PM’s China callingThere have been no substantive results despite the two countries reaching landmark agreements in recent years.
Prime Minister Pushpa Kamal Dahal is scheduled to visit China from September 23. As Dahal flies to the northern neighbour directly from New York after attending the United Nations General Assembly, he will first attend the opening ceremony of the 19th Asian Games in Hangzhou as a guest. Then, the prime minister will begin his official engagements in Beijing and other cities of the host country. As officials at the Ministry of Foreign Affairs and other ministries are busy finalising preparatory works, Dahal met former prime ministers, former foreign ministers and foreign policy experts on Sunday seeking their advice on what should be Nepal’s priority.
After the end of the Covid pandemic, bilateral interactions between the two countries have thickened. A team of CPN-UML leaders led by the party’s general secretary Shankar Pokharel is currently in China. A group of CPN (Maoist Centre) leaders led by the party’s vice-chair Agni Sapkota visited the country in May. Senior Chinese leaders such as Li Zhanshu, head of the Standing Committee of the Chinese National People’s Congress, visited Nepal last September while Yuan Jiajun, Politburo member of the Communist Party of China, came earlier in July. Likewise, Chinese expert teams who play an important role in advising China’s leadership in Beijing on Nepal and South Asian affairs have also stepped up their engagements in Kathmandu.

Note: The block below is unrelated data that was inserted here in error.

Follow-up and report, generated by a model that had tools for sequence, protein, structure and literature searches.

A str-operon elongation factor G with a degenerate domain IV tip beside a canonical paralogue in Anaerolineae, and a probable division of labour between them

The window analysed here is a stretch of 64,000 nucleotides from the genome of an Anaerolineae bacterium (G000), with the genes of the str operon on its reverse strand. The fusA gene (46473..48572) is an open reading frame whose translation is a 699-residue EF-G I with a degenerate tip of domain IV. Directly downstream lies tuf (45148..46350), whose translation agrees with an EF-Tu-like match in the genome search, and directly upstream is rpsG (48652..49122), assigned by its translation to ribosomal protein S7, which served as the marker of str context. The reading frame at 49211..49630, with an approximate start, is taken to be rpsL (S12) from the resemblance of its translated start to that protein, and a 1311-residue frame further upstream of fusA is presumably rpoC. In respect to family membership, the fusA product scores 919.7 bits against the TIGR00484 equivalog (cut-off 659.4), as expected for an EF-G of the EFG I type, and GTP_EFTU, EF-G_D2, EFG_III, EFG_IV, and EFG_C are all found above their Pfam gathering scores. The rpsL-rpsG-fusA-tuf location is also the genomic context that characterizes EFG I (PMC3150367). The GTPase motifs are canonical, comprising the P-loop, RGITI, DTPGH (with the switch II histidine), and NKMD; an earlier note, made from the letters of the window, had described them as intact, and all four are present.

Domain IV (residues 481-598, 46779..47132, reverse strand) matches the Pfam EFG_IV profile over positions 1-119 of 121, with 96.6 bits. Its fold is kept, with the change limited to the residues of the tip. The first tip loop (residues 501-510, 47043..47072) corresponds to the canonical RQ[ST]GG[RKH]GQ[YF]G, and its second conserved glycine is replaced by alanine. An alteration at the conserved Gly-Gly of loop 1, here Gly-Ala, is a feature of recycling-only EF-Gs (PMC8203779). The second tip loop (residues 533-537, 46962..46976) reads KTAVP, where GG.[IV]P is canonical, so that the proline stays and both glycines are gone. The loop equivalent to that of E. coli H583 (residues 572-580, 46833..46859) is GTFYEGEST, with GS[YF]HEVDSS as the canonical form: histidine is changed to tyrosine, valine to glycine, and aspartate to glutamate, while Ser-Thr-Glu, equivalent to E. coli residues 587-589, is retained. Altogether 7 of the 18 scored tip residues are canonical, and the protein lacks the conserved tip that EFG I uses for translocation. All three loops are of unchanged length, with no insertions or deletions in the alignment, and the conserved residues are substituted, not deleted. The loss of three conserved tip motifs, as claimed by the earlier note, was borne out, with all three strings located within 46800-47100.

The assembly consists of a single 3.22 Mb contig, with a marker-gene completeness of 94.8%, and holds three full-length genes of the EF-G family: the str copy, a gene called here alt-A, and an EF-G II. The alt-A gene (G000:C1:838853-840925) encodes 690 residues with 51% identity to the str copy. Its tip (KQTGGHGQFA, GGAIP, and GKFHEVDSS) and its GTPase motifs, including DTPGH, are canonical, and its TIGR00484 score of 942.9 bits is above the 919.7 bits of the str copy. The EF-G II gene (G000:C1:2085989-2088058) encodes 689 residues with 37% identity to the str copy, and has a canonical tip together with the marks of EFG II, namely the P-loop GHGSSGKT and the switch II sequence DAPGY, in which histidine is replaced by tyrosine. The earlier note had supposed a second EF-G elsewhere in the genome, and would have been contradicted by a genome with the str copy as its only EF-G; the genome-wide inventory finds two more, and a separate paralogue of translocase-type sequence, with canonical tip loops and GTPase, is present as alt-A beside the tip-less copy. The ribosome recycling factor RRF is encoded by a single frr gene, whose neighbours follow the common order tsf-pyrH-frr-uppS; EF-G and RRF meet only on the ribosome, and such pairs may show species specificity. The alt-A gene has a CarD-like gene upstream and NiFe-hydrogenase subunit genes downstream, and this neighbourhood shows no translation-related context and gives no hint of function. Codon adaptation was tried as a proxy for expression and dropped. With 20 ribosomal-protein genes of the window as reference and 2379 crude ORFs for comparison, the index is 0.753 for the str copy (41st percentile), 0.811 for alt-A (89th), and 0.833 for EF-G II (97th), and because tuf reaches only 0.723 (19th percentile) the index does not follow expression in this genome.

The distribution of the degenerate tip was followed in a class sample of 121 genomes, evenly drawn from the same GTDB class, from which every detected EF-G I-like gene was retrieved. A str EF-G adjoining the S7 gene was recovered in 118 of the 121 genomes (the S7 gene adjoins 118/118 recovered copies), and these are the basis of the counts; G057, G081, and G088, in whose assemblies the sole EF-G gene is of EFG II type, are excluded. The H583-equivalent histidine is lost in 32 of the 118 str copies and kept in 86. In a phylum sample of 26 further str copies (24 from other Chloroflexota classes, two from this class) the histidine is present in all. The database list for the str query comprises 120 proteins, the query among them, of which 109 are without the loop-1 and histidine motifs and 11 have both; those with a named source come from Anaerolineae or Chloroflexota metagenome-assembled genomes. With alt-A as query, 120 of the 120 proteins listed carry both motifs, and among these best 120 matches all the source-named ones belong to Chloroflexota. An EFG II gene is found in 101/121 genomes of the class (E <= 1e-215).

It was just before the pandemic that heads of the two countries paid reciprocal state visits. Nepal’s President Bidya Devi Bhandari visited China in April 2019 and Chinese President Xi Jinping came to Nepal in October the same year. Also, exchange of visits at the prime minister’s and foreign minister’s levels has been taking place on a regular basis. Thus the status of exchange of visits is satisfactory in comparison to similar arrangements with other big powers. Given their meetings with our top leaders on different occasions, Chinese President Xi and other leaders are familiar with our major issues and concerns. China’s Foreign Minister Wang Yi is a well-informed Chinese leader in Nepal. This presents an opportunity for Nepal’s political leadership to capitalise on the relationships.
But we haven’t been able to produce substantive results despite the two countries reaching landmark agreements in recent years. In 2016, they signed vital transit and transport accords. Later, in April 2019, during President Bhandari’s visit, they signed the Protocol on Implementing Agreement on Transit and Transport. The agreements ensured Nepal an access to seven Chinese sea and land ports for third-country but these deals are thus far limited to paper. And Kathmandu is blamed for its failure to push for their implementation.It is in this context that the prime minister is visiting China. It goes without saying that Nepal should work hard to benefit from our next door neighbour that is the world's second-largest economy. While we need implementation of important accords and other major development projects, successive prime ministers often try to utilise bilateral visits for immediate mileage and personal gains. This time around, the prime minister should mainly focus on implementing important accords, expediting major projects and laying the grounds for an increase in exports to the huge market next door. Winning the confidence of our age-old friend and translating that trust to boost bilateral trade should be the prime minister’s priority.